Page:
Communicating clients that are connected to the same server

This is a discussion on Communicating clients that are connected to the same server within the Networking/Device Communication forums, part of the General Programming Boards category; First of all, I'm using Linux. Well, the problem is that I have an average basic server (like the one ...

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    Communicating clients that are connected to the same server

    First of all, I'm using Linux. Well, the problem is that I have an average basic server (like the one you can get on the beej tutorial). I see that when the server receives a connection from a client, it uses fork() to generate a new process to handle the client's connection. And that repeats when it receives other client connections. The question is: how can I make those clients, that are in different processes, communicate with each other. Take as an example a chat. Two clients connect to the server, and the server generates a process for each client; but how can the clients exchange information with each other in order to be able to chat?

    Well, that's my question, hope I was clear. If there's something you don't understand about my question, please, don't hesitate to ask. Any help will be very appreciated.

    Regards
    Last edited by seforix; 05-28-2009 at 05:21 PM.

  2. #2
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    You just need to set up some mechanism where one connected user can send a message and specify a user that it goes to. Your server needs to figure out which process that user is connected to, and then send that process the message, along with specifying the user it came from.

    Set up a pipe from the server to each client, and just maintain a table of which pipe goes to which user (or use named pipes, and a consistent naming scheme based on the user).

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    Registered User valaris's Avatar
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    If you don't mind using a thread for each client model, then that is a possibility. I've always found that the easiest model to use when dealing with multiple clients. In each thread receieve all the clients bytes and parse them into something meaningful, and report back to some main thread which will in turn respond to the proper client(s).

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    Thanks to both of you for your answers. Regarding to the use of threads, I'd like to avoid it if possible. I want to do it in a more elegant way.
    Right now I'm reading a lot about process and trying a lot of different stuff without success, trying to use dup2(), execl() and nothing seems to work. But at least I'm understanding a little bit more what I want to do: I want to communicate to CHILD processes. Because each time the server receives a new connection it creates a new child process with fork() and I want to communicate them.

    Nevertheless, I'm completely clueless about how to do it. So any further help will be appreciated. I'd be very glad if you can also post some code.

    Thanks in advance.
    Last edited by seforix; 05-29-2009 at 03:33 PM.

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    Registered User valaris's Avatar
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    Quote Originally Posted by seforix View Post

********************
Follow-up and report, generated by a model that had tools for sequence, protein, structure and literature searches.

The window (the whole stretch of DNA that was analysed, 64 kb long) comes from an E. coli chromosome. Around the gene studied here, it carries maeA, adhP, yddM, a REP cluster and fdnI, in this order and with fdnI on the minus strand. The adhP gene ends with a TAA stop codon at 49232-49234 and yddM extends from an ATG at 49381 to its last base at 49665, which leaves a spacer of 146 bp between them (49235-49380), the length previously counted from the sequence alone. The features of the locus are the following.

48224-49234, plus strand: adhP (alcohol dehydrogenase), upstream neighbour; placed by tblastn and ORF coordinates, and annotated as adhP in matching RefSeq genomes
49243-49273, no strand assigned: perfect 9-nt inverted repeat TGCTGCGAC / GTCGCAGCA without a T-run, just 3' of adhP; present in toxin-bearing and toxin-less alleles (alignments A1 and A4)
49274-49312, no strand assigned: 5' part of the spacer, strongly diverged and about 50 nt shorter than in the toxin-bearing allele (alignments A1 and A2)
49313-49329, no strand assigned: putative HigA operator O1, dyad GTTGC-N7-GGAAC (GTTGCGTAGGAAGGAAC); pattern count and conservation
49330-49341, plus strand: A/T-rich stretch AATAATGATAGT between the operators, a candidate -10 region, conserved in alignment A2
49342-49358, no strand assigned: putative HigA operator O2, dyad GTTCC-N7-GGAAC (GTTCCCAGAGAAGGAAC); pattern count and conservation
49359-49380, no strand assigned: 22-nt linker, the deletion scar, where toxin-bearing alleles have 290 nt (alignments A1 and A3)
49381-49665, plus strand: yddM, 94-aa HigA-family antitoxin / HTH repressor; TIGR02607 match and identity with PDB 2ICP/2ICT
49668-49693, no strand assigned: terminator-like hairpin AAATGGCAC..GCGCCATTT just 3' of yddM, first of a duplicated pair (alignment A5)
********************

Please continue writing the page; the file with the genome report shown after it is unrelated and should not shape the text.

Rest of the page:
Thanks to both of you for your answers. Regarding to the use of threads, I'd like to avoid it if possible. I want to do it in a more elegant way.
    Right now I'm reading a lot about process and trying a lot of different stuff without success, trying to use dup2(), execl() and nothing seems to work. But at least I'm understanding a little bit more what I want to do: I want to communicate to CHILD processes. Because each time the server receives a new connection it creates a new child process with fork() and I want to communicate them.

    Nevertheless, I'm completely clueless about how to do it. So any further help will be appreciated. I'd be very glad if you can also post some code.

    Thanks in advance.
    Sure, if you call elegant more difficult, and computationally much slower. Check out beej's IPC guide for more info on IPC.

  6. #6
    spurious conceit MK27's Avatar
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    I would just use a "pass it on" protocol. You append a couple of characters to all messages and the server interprets that, eg, "CALL1:" and the server will forward this on to the appropriate party. Since that initial signal is appended (and removed) by your program, the users never see or have to deal with it.

    That is how an actual chat client works. You do not send a message directly to someone else, you send a message to the server with a wrapper added by the client, and the server uses that wrapper to relay your message.
    C programming resources:
    GNU C Function and Macro Index -- glibc reference manual
    The C Book -- nice online learner guide
    Current ISO draft standard
    CCAN -- new CPAN like open source library repository
    3 (different) GNU debugger tutorials: #1 -- #2 -- #3
    cpwiki -- our wiki on sourceforge

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    Captain Crash brewbuck's Avatar
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    Quote Originally Posted by seforix View Post
    Thanks to both of you for your answers. Regarding to the use of threads, I'd like to avoid it if possible. I want to do it in a more elegant way.
    I really don't see how running each client in a separate process is elegant, when one of the prime requirements is for the clients to communicate with each other.

    If you want elegant, you need to use select() or poll().
    Code:
    //try
    //{
    	if (a) do { f( b); } while(1);
    	else   do { f(!b); } while(1);
    //}

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